Israeli flag burned in Lag B’Omer festivities in Mea Shearim
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Israeli flag burned in Lag B’Omer festivities in Mea Shearim

Young child slowly torches flag to cheers and applause from audience in ultra-Orthodox Jerusalem neighborhood

Screenshot from a video showing the burning of an Israeli flag in Mea Shearim during Lag B'Omer celebrations on Wednesday, May 25, 2016.
Screenshot from a video showing the burning of an Israeli flag in Mea Shearim during Lag B'Omer celebrations on Wednesday, May 25, 2016.

An Israeli flag was burned during Lag B’Omer celebrations last week in the ultra-Orthodox Jerusalem neighborhood of Mea Shearim, to cheers and claps from the audience.

A video of the act has emerged showing a young child standing on a chair on a stage before hundreds of people, mainly children, slowly burning an Israeli flag while music plays in the background. The child is flanked by adults on both sides, one who seems to be emceeing the event.

The video was posted on the Facebook page of the Orthodox news site Behadrei Haredim.

Jews marked Lag B’Omer last Wednesday, the traditional date of the death of Rabbi Shimon Bar Yochai, a first-century CE sage, with celebration, bonfires and feasts.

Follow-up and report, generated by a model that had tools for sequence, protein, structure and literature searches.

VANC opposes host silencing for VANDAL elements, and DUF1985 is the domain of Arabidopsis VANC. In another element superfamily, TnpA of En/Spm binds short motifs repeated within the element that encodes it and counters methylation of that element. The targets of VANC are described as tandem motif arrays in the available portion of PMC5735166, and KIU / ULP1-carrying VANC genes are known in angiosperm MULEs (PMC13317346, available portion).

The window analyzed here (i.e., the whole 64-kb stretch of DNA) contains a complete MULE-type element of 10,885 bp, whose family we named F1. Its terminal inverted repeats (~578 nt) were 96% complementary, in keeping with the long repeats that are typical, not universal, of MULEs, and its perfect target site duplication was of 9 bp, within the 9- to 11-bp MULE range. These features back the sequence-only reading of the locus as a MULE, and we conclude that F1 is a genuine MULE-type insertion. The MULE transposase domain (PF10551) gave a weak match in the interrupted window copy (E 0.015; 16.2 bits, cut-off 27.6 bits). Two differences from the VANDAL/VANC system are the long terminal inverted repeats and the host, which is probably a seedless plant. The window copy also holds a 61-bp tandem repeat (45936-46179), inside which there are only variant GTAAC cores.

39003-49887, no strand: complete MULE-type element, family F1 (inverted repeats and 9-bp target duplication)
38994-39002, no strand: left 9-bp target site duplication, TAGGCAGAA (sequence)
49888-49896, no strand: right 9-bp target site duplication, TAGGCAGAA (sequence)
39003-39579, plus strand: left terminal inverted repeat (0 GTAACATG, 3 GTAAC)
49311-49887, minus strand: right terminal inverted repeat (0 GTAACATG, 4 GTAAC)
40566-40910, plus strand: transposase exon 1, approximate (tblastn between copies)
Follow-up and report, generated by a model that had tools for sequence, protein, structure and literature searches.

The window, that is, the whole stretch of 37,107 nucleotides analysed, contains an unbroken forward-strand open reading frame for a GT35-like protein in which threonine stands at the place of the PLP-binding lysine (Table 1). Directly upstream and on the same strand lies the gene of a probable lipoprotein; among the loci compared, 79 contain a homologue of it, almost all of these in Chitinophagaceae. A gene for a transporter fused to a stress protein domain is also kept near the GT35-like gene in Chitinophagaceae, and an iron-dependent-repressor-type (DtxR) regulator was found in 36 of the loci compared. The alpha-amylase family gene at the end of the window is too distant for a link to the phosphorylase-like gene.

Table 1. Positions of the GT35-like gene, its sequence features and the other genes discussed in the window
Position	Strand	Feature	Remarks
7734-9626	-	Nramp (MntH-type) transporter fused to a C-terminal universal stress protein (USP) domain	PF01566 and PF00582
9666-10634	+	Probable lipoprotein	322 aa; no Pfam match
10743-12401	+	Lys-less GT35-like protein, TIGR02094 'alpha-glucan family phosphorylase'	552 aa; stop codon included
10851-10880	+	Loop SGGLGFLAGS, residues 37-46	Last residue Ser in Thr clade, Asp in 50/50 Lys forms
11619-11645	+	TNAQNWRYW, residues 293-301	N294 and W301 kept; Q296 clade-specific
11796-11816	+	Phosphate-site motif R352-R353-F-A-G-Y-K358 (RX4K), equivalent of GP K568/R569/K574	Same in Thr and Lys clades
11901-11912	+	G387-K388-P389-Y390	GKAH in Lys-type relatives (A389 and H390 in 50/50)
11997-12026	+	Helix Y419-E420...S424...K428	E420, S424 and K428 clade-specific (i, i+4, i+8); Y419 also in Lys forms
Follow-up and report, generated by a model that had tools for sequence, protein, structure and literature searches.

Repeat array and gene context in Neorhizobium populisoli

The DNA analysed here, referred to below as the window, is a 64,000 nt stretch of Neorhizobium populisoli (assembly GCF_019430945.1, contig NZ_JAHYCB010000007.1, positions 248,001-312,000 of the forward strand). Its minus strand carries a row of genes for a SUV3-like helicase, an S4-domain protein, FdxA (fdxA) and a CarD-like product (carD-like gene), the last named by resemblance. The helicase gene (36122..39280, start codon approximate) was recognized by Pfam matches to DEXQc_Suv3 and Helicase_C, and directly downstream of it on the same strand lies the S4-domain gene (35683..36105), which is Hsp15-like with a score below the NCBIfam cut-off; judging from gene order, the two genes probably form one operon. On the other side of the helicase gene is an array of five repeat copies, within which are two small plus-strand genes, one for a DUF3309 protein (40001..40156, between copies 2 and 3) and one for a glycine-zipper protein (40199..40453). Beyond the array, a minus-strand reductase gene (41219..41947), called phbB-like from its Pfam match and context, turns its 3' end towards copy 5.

ללא מילים: כך חגגו ל"ג בעומר במאה שערים (צילום: יעקב לדרמן)

Posted by ‎חדשות בחדרי חרדים‎ on piektdiena, 2016. gada 27. maijs

Mea Shearim is home to members of the anti-Zionist group Neturei Karta who routinely torch Israeli flags during the holiday. It is not clear from the video which ultra-Orthodox sect these specific flag-burners belonged to.

Shimon Bar Yochai is believed to have resisted Roman rule and subsequently fled to a cave in the Galilee where he lived with his son for 13 years.

Tradition says the two were buried in a tomb on Mount Meron on Lag B’Omer — the 33rd day of the Omer, the seven-week period between the festivals of Passover and Shavuot.

In the days leading up to Lag B’Omer, children can be seen scouring the streets, looking for any scraps of wood they can get their hands on for their bonfires. In certain Jewish communities, it is customary to give 3-year-old boys their first haircut on Lag B’Omer.

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